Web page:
Diet, Nutrition, Physical Activity and Cancer: a Global Perspective was a report produced in 2018 by World Cancer Research Fund International on behalf of the World Cancer Research Fund network charities AICR, WCRF UK and WKOF.
Our Third Expert Report, Diet, Nutrition, Physical Activity and Cancer: a Global Perspective, assessed the past decade of cancer prevention research and the links between diet, nutrition, physical activity and cancer.
Go to the Resources and toolkits page to access additional downloads including the complete Summary Report PDF or to request it in print.
Our independent panel of global experts has been evaluating the evidence on cancer prevention for many years. The 2018 report was our third comprehensive analysis since 1997 of the worldwide body of research available.
This internationally acclaimed report is a collaboration between four organisations under the umbrella of the World Cancer Research Fund network:
The first and second Expert Reports, when they were published in 1997 and 2007, respectively, were landmarks in the science of cancer prevention. Since the second report, scientists at Imperial College London have been adding information to a unique and growing database of evidence relating to cancer prevention and diet, nutrition and physical activity.
This forms the basis of our flagship Global Cancer Update Programme (CUP), an ongoing analysis of evidence related to diet and cancer prevention. Evidence from the CUP Global enables World Cancer Research Fund to publish reports on individual cancer types, the most recent being our report on colorectal cancer in 2017.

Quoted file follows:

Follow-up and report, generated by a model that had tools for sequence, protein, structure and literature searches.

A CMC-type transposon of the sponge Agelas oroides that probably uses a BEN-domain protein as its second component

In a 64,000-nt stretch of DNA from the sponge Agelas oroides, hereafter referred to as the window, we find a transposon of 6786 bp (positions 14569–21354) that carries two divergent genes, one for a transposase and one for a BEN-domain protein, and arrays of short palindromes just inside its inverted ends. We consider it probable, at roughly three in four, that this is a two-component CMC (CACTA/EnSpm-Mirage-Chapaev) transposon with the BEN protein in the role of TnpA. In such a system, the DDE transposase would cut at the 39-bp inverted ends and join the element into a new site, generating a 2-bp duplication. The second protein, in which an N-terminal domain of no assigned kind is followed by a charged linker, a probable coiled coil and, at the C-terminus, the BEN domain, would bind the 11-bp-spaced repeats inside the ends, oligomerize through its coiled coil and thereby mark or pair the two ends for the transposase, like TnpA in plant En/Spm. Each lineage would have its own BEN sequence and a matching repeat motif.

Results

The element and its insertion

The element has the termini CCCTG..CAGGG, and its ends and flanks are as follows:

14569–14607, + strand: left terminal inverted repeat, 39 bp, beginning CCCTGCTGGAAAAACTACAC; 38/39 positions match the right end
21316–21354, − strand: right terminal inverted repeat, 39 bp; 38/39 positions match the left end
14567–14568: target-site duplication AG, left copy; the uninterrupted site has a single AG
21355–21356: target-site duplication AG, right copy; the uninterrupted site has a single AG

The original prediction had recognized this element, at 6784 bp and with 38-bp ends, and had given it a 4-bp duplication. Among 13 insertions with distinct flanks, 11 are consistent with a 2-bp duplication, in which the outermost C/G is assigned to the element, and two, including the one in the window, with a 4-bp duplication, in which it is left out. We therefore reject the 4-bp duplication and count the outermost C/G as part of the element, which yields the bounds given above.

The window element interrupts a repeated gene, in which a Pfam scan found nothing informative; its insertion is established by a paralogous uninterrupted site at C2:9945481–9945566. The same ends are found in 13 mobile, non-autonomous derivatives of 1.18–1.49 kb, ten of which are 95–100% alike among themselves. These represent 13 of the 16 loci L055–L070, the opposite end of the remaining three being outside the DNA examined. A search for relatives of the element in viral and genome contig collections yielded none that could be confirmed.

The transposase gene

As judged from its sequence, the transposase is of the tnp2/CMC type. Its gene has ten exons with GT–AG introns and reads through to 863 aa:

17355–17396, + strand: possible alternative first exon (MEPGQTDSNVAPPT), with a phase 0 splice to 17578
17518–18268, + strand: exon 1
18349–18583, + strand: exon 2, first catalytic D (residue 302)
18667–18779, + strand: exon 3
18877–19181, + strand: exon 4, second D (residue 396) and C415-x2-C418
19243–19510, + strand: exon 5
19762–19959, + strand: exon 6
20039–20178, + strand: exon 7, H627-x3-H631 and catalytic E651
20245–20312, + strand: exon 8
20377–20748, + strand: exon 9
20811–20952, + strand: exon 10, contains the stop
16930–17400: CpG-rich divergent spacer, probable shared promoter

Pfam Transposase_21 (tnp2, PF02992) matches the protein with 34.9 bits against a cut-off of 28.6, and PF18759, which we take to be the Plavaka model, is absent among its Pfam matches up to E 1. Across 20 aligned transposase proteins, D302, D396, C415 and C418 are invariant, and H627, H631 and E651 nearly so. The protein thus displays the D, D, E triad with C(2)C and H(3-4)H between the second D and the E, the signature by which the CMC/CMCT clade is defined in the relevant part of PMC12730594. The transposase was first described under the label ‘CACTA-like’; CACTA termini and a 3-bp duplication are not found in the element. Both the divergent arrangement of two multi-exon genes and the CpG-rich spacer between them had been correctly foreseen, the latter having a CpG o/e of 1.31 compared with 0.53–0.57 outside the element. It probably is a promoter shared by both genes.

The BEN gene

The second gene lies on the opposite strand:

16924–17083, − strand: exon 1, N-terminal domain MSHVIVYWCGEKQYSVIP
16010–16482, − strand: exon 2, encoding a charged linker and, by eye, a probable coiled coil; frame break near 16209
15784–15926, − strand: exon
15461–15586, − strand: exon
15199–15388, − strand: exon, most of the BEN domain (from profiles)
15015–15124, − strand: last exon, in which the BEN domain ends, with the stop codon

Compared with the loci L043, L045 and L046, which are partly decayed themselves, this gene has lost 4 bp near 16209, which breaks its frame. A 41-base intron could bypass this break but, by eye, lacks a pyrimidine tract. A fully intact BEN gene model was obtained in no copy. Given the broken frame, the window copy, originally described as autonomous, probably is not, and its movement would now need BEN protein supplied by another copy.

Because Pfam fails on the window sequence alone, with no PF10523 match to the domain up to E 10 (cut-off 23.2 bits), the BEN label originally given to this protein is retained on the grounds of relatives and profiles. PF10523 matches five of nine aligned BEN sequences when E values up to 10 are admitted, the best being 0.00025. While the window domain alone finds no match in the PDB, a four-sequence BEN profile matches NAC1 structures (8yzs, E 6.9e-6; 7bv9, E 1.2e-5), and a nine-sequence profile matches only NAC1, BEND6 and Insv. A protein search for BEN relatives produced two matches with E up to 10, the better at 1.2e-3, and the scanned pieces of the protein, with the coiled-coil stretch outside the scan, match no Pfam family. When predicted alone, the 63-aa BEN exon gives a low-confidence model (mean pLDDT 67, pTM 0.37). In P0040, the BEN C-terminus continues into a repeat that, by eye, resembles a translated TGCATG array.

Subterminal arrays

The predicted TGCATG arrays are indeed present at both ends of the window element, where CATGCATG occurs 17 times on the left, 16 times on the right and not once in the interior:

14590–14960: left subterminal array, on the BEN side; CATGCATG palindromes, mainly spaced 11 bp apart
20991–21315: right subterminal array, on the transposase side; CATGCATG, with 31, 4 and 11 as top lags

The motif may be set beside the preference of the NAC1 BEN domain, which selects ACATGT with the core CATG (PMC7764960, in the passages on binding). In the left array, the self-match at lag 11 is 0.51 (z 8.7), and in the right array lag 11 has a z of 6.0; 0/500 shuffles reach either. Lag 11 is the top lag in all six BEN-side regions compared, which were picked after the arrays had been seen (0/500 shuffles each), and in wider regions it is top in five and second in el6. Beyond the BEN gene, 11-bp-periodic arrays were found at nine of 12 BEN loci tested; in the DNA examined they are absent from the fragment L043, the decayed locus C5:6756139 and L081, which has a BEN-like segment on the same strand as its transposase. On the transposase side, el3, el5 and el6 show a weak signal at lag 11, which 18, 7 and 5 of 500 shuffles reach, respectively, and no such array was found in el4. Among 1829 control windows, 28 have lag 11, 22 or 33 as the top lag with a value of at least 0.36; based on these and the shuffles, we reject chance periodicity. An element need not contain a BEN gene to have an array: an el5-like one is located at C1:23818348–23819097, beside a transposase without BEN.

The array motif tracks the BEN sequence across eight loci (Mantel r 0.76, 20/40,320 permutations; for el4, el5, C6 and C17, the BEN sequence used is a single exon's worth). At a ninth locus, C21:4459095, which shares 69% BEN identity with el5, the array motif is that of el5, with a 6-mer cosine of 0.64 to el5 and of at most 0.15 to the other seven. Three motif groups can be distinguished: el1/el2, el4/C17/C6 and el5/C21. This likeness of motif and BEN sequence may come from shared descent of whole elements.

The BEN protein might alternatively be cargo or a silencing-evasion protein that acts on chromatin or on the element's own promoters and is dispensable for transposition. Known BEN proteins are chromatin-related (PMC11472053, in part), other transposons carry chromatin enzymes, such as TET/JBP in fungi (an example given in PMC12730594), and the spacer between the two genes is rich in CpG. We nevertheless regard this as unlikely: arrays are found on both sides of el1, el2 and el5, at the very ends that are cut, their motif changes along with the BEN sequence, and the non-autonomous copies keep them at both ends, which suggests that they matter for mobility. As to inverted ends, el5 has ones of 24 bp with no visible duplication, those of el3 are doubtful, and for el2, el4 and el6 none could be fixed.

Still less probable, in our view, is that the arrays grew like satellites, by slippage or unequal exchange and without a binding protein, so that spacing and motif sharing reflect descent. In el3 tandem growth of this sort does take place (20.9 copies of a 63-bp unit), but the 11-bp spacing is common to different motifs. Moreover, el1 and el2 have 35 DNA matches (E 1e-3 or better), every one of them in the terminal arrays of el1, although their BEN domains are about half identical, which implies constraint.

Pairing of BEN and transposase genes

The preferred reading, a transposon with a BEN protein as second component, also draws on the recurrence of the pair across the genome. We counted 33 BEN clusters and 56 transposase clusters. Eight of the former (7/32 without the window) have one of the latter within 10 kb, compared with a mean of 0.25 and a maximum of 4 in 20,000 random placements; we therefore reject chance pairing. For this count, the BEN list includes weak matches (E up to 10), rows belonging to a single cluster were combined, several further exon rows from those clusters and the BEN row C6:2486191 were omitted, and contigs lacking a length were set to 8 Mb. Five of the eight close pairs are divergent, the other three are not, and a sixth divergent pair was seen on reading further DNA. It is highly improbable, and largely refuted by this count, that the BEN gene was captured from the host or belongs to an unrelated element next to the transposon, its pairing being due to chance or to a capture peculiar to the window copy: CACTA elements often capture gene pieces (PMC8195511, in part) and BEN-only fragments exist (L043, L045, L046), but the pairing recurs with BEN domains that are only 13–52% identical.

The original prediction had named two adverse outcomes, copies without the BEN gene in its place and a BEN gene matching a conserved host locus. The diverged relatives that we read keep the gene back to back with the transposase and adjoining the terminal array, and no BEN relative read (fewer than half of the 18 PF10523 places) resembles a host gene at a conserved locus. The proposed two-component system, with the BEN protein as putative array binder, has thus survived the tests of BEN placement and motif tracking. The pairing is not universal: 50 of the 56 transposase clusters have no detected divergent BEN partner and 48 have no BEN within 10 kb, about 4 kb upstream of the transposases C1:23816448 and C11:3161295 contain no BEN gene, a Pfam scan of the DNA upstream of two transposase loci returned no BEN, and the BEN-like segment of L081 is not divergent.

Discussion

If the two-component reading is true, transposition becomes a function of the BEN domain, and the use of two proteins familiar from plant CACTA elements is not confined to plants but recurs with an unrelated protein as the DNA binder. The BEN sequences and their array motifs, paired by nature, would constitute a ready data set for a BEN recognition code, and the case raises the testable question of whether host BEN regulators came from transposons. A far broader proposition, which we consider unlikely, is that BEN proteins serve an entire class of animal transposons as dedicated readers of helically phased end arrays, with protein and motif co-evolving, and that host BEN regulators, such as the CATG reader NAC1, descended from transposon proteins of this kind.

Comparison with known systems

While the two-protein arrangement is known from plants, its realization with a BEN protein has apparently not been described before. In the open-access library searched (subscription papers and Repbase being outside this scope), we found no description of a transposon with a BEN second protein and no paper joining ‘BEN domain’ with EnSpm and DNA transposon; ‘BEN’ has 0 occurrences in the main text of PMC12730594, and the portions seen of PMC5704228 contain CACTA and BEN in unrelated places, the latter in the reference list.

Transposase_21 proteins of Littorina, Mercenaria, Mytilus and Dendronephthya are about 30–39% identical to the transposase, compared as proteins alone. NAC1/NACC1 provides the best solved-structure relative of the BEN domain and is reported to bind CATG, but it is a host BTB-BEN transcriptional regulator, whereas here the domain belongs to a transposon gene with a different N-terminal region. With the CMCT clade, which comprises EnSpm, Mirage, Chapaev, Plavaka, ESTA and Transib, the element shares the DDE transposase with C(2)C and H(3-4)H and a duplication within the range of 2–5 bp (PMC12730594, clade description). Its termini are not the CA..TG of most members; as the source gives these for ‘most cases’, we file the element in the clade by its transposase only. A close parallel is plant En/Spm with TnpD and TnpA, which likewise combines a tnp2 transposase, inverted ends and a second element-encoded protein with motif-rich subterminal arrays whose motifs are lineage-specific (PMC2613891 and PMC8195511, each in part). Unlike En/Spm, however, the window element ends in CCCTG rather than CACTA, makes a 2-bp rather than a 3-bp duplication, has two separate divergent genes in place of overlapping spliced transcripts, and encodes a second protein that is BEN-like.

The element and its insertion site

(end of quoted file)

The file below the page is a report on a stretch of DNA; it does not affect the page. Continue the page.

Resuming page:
Authoritative, evidence-based Cancer Prevention Recommendations
In the past ten years, the need for authoritative, evidence-based recommendations on how to reduce the global burden of cancer has grown. There is strong evidence from the CUP Global, for example, that being overweight or obese puts you at increased risk of many cancers.
We’re experiencing a global obesity epidemic, declining physical activity among both children and adults in many parts of the world, and an increase in the consumption of energy-dense foods. If these current trends continue, overweight and obesity are likely to overtake smoking as the number one risk for cancer.
A blueprint for cancer prevention
Our Third Expert Report is a vital resource for anyone involved in preventing cancer. It ensures that everyone, from researchers to policymakers to the public, can access the most up-to-date information on how to reduce the risk of developing cancer. It also identifies areas for future research into cancer prevention and survival.
You’ll find the answers to many more questions about the report, including who wrote it, how the evidence is analysed and why the world needs it, on our FAQs page. You can also browse the glossary for an explanation of many terms used throughout the report.
Changes between the Second and Third Expert Reports
There were important shifts in emphasis between the 2007 Second Expert Report and the Third Expert Report, published in 2018.
Emphasising a more holistic approach